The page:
“How Time Flies: Graduating From UB…20 Years Ago” (By: Michele Babcock-Nice)

UB President Bill Greiner and I at Commencement, May 1993, Amherst, New York

UB President Bill Greiner and I at Commencement, May 1993, Amherst, New York

Twenty years ago this month (February 2013), I graduated from the University at Buffalo (UB) in Buffalo, New York, having earned two baccaulaureate degrees in psychology and political science.  Unofficially, I also earned a specialization in music performance in voice and clarinet.  And, I completed my studies at this very rigorous university in less than 3.5 consecutive years.   I completed my studies in December 1992, my degrees were conferred in February 1993, and I participated in the Commencement Ceremony in May 1993.

It is so difficult to comprehend that 20 years have already passed since my degrees were conferred!  It seems like such a lifetime ago that I had graduated from my high school in Gowanda, New York, and began my adult journey in life at UB.  How fitting on this President’s Day, February 18, 2013 – 20 years since I completed my undergraduate studies at UB – that I should recall some of the good memories of my younger and more inexperienced days as a college student there.

As a college student at UB, there were so many activities in which I was involved.  Always very outgoing, I wanted to be involved in as much as possible, desiring to get the most and best that life had to offer.  At UB, the world opened up to me and I took it all in – the good, and the bad, too (when I couldn’t avoid it) – like a sponge.  UB was my oyster, and I revelled in all that it had to offer.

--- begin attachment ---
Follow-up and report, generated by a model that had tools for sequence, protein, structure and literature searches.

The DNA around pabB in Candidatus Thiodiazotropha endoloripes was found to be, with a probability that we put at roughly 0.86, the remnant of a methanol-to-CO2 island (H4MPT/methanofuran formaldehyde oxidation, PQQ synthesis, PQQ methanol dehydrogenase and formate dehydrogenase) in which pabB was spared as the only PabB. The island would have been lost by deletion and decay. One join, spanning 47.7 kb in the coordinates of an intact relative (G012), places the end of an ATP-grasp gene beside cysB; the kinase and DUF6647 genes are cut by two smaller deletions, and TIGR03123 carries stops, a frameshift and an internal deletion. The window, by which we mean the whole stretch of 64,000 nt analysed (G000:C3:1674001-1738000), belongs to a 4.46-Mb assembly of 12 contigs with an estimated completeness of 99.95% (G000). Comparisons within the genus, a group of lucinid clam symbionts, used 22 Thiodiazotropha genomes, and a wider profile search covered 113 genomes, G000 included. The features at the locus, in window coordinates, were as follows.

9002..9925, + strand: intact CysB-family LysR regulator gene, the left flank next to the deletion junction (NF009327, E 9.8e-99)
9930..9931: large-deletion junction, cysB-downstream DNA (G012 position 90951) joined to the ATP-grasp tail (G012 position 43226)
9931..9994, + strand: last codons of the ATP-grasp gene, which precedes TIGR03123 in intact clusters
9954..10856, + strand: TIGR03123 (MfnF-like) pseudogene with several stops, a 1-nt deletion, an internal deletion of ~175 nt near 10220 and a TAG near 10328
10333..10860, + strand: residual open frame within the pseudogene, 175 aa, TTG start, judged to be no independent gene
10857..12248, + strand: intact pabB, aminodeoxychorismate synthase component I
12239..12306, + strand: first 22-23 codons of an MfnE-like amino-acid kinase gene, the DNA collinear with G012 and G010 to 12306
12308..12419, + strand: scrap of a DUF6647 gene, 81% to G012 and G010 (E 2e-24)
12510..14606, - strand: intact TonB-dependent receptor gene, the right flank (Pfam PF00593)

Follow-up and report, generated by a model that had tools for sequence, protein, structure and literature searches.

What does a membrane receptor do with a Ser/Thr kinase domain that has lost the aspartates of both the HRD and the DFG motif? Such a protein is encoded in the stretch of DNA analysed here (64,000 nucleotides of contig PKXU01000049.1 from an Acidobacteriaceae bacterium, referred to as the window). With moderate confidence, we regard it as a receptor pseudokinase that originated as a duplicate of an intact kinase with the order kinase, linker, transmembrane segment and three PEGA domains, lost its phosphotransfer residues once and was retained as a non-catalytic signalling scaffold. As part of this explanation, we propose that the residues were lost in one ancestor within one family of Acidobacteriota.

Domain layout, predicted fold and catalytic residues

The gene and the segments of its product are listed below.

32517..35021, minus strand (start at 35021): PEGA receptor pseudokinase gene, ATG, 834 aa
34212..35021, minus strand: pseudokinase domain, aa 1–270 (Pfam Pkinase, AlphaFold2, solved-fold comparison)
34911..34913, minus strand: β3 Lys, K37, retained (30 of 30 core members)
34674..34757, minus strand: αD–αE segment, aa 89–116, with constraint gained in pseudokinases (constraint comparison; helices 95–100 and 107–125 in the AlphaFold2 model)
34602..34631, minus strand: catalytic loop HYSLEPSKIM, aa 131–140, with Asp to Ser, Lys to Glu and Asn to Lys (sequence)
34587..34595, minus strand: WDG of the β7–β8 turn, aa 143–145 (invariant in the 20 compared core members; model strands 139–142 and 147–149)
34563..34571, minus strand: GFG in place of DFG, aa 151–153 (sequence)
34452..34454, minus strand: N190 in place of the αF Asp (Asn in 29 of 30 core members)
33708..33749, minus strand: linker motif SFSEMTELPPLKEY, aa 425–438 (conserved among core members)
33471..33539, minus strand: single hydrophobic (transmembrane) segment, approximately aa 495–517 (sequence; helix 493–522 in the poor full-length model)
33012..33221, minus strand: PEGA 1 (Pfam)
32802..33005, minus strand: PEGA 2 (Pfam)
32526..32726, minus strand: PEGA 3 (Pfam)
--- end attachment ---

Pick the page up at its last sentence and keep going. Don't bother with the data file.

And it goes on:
Indeed, I am proud of all that I accomplished and all in which I participated and/or had leadership opportunities with at UB.  With all of my classes, activities, and just living in general, there was not enough time in the day to pack everything in!  During my first year, I carried a heavy load of classes, while also performing in the wind ensemble (and being a soloist) and chorus, as well as participating in field events on the women’s track team (and earning a personal best in shot put at the NCAA championships), being involved in student government and yearbook, and going for tutoring on some evenings for my failure in chemistry.  I also immersed myself into intermediate Spanish during my first year, and was happy to be exempt from introductory English composition, however I had to take courses to catch up on my math proficiency.

As time went on, I also found the Polish, Irish, and German Clubs at UB, and was involved in each one, being both the Treasurer and Homecoming representative of two of the groups.  I will always appreciate my Polish Club Homecoming co-rep for showing up and being a gentleman during one particular year because the co-rep from the Irish Club chickened out and forced me to go solo, which I did during another year, however embarassing that was (needless to say, he never showed his face at the Club meetings again after that).

Being a member of these ethnic/language-related clubs opened my world yet further to students of Irish descent from New York City, as well as those of Polish and German descent from right around Buffalo.  The Irish Club, in particular, was a favorite of mine because I could always “let my hair down” and be myself with my friends in that group.  No matter our background or experiences, we always respected and accepted each other, and enjoyed each other’s company.  Additionally, it was my membership in the Polish Club that opened up opportunities to visit Poland as an exchange student to Jagiellonian University – and travel to several European countries, which I did during one summer, and had an absolutely fantastic time!  It was all just as it was described to me – and so much more.